The raw sequences were assembled with the Newbler software (Roche Biosciences) using standard settings. blast on contigs and raw reads was carried out locally against the microbial RefSeq library of GenBank. The results were loaded in the megan software tool (Huson et al., 2007) and analysed distribution of different taxa in the habitats. Sequences with no database hits were excluded from further analysis.
The three distinct sampling sites investigated exhibited contrasting physico-chemical characteristics with a higher salinity and pH in the lake as compared to the hot spring site (Table 1).
Table 1. Physico-chemistry of the study areas
Conductivity (μS cm−1)
58 300–71 100
Hot Springs Bogoria
Microscopic examinations revealed higher cyanobacterial diversity in the hot springs (Fig. 2c–g) as compared to the lake water and the sediment surface with an absolute dominance by A. fusiformis and Anabaenopsis sp. (Fig. 2a and b). However, the species delineation in hot springs was very difficult due to a limited number of phenotypic characters and absence of clear cut differences between the various phenotypes. Hence, only the genus could be defined and the dominant taxa were listed (Supporting Information, Table S1).
Assessment of cyanobacterial diversity using 16S rRNA gene pyrosequencing
Overall, we recovered 460 sequences of cyanobacterial origin in our environmental samples (Table S2). We observed the highest diversity of cyanobacterial phylotypes in the hot springs with 244 sequences. The order Oscillatoriales dominated with a contribution of 81% of total sequences from the library. Leptolyngbya was by far the dominant taxon, comprising 82% of the recovered Oscillatoriales sequences, followed by Spirulina (8%), Oscillatoria-like (6%) and Planktothrikoides (4%). The order Chroococcales was represented by the genus Synechococcus with only 4% of the sequences. In blastn searches, some sequences registered some similarity to Xenococcus (three sequences) and Anabaena (two sequences; Table S2). A further 13% of the sequences could only be assigned to uncultured Cyanobacteria/uncultured bacteria/uncultured organism with < 92% sequence similarity in blastn hits. As taxonomic placement could not be determined, those sequences were designated as unidentified. We did not detect 16S rRNA gene sequences of Arthrospira species in the hot spring sample. However, as metagenomics data (see below) strongly indicated the presence of this genus, we sequenced amplicons of the phycocyanin locus (cpcBA-IGS) using primers of Ballot et al. (2004a). The raw sequences had 95–97% similarity in blastn searches to different strains of Arthrospira, while similarity was increased to 97–100% after refining (by removing ambiguous sections) the sequences.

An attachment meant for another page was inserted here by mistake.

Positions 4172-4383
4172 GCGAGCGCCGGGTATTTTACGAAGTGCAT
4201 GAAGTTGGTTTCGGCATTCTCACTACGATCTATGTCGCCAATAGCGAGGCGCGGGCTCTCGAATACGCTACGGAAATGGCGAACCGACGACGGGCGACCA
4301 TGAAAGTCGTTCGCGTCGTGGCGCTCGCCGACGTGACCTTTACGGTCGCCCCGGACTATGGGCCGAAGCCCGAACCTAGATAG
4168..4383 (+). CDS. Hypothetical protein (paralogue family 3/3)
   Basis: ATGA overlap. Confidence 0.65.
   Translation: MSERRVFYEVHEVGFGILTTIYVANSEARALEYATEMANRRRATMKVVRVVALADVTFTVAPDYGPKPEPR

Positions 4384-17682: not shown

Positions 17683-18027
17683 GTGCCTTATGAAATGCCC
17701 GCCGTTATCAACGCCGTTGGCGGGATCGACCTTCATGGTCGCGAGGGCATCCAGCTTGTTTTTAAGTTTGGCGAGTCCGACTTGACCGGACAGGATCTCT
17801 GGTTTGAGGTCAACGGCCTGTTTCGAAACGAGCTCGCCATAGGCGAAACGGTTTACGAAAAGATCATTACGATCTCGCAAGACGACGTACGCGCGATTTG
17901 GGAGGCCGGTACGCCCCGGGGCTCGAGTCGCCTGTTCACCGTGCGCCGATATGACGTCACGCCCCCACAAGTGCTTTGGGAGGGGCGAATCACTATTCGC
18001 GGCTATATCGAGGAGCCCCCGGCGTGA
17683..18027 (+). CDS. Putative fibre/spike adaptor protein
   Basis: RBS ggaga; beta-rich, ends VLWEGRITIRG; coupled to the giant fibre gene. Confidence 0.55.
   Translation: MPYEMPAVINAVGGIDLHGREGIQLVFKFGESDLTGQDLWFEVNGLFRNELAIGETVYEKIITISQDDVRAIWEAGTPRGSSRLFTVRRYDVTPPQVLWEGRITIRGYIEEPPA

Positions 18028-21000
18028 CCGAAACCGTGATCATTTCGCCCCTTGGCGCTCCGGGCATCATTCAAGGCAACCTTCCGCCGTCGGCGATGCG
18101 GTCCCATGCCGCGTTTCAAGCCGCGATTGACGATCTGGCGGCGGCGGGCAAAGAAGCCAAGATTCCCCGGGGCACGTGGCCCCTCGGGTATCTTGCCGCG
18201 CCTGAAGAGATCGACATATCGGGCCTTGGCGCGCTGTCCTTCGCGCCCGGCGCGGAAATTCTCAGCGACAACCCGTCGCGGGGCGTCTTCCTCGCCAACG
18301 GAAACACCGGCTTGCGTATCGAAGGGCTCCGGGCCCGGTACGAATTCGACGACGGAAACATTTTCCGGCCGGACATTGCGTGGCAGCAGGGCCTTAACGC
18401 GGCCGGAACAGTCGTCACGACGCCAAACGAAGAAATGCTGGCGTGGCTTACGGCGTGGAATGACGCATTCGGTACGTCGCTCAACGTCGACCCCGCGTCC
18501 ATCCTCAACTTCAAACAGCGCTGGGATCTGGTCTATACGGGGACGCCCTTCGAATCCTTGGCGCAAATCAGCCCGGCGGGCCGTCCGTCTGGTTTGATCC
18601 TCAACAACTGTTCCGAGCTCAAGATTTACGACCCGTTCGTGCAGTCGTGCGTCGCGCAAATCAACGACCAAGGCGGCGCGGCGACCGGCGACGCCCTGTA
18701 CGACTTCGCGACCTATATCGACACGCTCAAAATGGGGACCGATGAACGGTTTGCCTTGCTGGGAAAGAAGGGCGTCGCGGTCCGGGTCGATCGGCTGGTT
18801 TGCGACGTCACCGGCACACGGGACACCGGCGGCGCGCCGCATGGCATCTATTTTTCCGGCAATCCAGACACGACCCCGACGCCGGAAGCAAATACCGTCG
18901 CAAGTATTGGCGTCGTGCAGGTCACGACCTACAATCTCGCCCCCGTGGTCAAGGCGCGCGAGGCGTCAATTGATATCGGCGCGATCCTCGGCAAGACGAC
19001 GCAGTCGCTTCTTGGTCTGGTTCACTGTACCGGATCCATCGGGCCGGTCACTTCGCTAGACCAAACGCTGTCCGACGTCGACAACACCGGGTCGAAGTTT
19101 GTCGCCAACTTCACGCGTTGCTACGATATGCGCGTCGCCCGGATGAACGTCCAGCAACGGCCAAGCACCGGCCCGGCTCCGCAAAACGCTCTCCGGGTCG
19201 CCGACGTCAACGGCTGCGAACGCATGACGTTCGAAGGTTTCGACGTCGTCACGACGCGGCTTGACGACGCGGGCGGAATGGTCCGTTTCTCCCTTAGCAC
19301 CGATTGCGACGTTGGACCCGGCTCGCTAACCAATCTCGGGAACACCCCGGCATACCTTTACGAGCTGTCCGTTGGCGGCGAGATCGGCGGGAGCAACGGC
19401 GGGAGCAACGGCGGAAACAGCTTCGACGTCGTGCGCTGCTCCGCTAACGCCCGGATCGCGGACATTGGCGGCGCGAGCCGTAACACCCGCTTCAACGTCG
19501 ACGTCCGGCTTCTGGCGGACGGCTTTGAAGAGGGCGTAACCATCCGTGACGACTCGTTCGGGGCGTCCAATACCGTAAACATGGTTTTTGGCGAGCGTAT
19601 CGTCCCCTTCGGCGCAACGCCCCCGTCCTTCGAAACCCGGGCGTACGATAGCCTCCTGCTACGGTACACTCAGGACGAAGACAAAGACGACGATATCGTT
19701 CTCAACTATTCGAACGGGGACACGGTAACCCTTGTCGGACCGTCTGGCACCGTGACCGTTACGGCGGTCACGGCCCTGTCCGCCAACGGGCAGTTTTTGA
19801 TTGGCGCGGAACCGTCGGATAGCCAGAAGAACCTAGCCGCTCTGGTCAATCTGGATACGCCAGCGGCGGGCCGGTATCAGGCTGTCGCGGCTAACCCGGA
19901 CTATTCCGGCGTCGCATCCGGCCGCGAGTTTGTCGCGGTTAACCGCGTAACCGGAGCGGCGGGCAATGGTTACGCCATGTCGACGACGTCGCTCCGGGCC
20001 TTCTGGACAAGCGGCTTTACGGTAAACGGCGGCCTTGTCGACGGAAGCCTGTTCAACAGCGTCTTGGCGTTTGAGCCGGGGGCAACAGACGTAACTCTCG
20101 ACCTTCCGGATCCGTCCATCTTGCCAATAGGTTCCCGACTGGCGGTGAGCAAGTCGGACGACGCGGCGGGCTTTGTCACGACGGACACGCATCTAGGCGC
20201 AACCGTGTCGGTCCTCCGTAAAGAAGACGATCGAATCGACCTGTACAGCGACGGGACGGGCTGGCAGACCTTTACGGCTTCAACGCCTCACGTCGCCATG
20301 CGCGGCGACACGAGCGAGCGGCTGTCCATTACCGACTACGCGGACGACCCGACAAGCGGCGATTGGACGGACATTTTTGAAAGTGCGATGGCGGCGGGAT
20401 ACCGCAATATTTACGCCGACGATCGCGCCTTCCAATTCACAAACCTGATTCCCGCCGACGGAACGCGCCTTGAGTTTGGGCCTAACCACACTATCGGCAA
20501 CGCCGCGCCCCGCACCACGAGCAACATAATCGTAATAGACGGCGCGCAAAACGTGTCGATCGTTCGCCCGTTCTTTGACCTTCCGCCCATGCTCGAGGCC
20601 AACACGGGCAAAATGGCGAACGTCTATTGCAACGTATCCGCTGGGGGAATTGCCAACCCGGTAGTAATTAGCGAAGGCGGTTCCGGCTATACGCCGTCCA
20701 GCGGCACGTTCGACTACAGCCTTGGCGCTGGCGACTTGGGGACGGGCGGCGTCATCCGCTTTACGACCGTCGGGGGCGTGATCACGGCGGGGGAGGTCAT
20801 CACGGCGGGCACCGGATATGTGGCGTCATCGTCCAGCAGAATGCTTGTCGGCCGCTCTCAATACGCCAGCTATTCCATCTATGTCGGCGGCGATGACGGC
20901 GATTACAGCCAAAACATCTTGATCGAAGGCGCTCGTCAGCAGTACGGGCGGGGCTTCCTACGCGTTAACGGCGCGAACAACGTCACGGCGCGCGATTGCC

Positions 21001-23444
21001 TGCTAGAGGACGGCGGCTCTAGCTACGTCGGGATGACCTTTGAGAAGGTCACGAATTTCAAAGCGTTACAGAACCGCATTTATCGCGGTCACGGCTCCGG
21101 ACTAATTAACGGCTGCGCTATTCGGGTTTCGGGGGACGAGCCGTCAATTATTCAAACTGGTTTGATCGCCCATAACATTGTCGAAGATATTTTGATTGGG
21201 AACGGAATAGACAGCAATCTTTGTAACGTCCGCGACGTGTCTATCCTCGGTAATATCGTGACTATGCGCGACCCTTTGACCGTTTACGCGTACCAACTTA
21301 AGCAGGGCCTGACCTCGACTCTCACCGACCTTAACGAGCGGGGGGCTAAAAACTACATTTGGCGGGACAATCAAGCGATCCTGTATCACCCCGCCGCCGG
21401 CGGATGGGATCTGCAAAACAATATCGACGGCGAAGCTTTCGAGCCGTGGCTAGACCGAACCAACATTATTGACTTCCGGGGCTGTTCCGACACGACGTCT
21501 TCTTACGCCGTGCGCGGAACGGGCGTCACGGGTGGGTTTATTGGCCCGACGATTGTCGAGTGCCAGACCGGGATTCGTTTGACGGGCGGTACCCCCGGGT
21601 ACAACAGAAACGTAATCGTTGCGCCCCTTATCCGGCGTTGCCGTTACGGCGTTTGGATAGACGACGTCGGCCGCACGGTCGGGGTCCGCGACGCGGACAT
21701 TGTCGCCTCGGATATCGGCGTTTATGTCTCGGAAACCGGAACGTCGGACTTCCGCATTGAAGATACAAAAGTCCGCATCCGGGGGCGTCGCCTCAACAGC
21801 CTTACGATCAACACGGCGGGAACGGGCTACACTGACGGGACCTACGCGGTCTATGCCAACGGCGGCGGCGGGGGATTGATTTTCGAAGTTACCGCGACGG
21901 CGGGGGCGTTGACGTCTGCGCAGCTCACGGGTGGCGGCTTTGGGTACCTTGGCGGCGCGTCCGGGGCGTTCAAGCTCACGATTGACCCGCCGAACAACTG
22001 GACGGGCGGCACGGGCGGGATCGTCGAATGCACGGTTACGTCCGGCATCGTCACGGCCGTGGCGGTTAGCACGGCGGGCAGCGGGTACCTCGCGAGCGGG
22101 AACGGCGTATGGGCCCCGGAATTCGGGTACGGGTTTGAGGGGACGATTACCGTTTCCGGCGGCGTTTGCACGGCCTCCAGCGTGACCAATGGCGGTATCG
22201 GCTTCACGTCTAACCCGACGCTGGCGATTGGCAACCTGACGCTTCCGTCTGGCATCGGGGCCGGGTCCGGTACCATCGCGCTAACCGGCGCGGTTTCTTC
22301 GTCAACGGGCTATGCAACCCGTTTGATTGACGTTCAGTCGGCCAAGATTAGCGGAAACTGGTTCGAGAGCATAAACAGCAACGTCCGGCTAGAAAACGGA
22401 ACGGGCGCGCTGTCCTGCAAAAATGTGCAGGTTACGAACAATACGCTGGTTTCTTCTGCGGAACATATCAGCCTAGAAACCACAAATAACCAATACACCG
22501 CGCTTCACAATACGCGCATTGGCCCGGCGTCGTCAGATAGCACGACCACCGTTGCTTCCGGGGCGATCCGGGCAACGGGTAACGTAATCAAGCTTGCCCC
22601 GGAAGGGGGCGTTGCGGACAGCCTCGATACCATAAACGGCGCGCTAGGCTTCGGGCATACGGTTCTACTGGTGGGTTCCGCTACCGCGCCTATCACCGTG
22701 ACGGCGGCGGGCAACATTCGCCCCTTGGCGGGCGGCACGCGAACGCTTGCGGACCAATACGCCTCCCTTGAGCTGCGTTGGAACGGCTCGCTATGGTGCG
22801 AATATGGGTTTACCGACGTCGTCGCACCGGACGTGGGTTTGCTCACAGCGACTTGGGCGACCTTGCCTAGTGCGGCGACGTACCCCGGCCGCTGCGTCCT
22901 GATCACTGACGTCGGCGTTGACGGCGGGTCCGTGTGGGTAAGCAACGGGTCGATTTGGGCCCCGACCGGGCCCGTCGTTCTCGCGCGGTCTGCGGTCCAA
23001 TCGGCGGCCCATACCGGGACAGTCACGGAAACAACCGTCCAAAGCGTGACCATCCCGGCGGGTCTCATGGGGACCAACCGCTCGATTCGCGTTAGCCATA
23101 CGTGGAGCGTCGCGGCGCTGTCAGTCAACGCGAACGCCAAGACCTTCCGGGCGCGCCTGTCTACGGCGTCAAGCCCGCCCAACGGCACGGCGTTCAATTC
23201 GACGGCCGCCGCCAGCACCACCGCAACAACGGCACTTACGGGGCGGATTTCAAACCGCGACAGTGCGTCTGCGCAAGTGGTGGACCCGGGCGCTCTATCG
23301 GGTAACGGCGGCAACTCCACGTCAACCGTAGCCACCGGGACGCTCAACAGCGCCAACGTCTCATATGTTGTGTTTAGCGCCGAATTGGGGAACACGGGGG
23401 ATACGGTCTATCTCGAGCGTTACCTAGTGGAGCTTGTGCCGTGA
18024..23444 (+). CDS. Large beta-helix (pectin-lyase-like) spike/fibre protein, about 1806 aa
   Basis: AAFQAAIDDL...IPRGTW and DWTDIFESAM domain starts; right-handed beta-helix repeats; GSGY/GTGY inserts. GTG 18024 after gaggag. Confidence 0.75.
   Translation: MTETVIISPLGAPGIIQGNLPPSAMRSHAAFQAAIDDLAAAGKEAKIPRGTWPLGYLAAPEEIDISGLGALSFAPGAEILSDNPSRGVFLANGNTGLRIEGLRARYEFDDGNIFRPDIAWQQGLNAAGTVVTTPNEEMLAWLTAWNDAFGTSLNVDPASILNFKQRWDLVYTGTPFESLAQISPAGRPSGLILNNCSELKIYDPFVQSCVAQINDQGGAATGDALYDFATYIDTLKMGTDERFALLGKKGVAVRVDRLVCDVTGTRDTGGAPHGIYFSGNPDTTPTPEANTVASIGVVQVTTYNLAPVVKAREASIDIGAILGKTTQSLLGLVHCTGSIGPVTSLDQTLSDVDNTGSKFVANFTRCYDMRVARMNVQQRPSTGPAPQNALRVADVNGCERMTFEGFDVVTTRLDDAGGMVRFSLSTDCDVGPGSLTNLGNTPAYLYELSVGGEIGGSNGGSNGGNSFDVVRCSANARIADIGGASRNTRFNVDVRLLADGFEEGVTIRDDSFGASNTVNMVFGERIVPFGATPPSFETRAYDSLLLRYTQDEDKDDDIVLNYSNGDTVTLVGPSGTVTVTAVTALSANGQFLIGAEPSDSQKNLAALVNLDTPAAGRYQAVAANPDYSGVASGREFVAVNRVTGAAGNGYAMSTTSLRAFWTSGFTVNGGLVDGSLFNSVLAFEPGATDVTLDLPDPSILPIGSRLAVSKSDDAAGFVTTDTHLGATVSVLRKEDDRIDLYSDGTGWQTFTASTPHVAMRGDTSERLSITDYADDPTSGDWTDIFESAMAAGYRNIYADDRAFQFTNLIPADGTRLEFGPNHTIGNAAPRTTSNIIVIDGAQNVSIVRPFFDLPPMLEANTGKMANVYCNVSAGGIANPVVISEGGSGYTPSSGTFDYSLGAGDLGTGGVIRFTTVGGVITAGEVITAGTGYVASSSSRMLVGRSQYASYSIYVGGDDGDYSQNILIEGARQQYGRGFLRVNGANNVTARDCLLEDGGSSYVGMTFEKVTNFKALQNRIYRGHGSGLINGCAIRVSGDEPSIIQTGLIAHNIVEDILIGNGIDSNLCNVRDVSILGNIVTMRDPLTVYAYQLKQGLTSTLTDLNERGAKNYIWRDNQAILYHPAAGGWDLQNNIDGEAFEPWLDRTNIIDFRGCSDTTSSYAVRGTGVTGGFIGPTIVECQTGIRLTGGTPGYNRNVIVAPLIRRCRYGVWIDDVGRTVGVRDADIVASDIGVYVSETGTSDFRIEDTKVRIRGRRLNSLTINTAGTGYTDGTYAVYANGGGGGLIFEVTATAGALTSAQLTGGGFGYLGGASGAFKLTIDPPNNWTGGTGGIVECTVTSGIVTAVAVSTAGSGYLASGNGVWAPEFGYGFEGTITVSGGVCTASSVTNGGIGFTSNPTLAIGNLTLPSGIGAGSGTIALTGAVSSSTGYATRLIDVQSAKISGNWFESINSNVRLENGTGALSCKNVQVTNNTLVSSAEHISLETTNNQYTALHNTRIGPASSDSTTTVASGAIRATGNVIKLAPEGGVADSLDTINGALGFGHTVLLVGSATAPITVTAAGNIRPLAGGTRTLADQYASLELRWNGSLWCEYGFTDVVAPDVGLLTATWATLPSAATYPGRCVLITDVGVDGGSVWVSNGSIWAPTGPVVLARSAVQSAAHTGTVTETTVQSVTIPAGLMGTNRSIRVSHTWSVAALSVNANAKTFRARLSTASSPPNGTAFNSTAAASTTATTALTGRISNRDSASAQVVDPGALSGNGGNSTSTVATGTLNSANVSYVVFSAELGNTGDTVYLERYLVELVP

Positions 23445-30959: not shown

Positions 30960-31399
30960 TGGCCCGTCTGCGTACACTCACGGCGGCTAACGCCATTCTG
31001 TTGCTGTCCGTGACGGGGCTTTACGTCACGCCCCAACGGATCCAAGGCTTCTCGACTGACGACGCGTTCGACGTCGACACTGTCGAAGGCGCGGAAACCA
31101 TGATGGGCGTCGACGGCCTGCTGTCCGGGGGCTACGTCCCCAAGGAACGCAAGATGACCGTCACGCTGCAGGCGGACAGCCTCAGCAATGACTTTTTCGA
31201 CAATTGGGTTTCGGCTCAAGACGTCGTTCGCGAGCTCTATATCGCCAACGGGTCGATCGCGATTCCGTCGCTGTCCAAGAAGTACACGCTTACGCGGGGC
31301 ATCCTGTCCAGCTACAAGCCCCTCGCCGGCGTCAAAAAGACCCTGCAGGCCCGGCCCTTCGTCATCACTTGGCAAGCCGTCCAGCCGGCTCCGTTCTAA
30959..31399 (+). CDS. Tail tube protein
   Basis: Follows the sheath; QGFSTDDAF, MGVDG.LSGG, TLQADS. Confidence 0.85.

The 16S rRNA gene sequences derived from hot springs of Lake Bogoria and outgroups from GenBank were used to reconstruct phylogenies. This approach yielded phylogenies with mostly unambiguously resolved branches for each tree. Several sequences in each tree clustered together to form Lake Bogoria hot spring-specific clades (Fig. 3a–c and Figs S2–S8), while some sequences clustered more with phylotypes from other hot springs (Fig. 3d and Figs S4, S5, S8, S9). Thus, endemic and cosmopolitan species seem to coexist in the Lake Bogoria hot springs.
The sequence library of the pelagic zone was made up of 148 cyanobacterial sequences. The library of 16S rRNA gene amplicons mostly comprised of phylotypes related to members of Oscillatoriales and Nostocales. The nostocalean sequences accounted for 36% of the total sequences and matched 95–99% to Anabaenopsis abijatae, Anabaenopsis cf abijatae and Cyanospira rippkae. All corrected sequences allocated to Oscillatoriales shared 96–100% similarity to Arthrospira. The sequences belonging to Arthrospira covered 60% of the sequences from the pelagic region. There were also some undefined sequences (4%) that could not be assigned to a cyanobacterial taxon in blastn analysis.
The 16S rRNA gene amplicons from the sediment of Lake Bogoria yielded 68 cyanobacterial sequences. blastn analysis revealed that the sediment sequences were from the Oscillatoriales (66%) and Nostocales (34%). The phylogenetic analysis revealed that only two genera, Arthrospira and Anabaenopsis, were recovered in the sediment, while in the plankton, some additional cyanobacterial phylotypes whose identity could not be delineated were present in low numbers (Fig. 4).
A ML phylogenetic tree yielded 15 well-defined clades together with some singular sequences representing possibly minor clades (Fig. 4). Interestingly, we often found sequences generated from different sampling points within some clades, while others (e.g. Synechococcus, Spirulina, Planktothricoides and Xenococcus) were restricted to the hot springs only.
Extracted DNA from each site was submitted to a metagenomics analysis (Table S3). An assembly of the raw sequences mainly yielded contigs presumably belonging to only the most abundant taxa in each habitat. Most of the contigs were derived from taxa belonging to Oscillatoriales followed by Nostocales (data not shown). Interestingly, frequently sequences derived from different habitats assembled in the same contigs, indicating very close relationships in the different habitats. Thus, as indicated by the microscopic observations and the 16S rRNA gene sequencing, only members of these two orders appeared to dominate in all three habitats.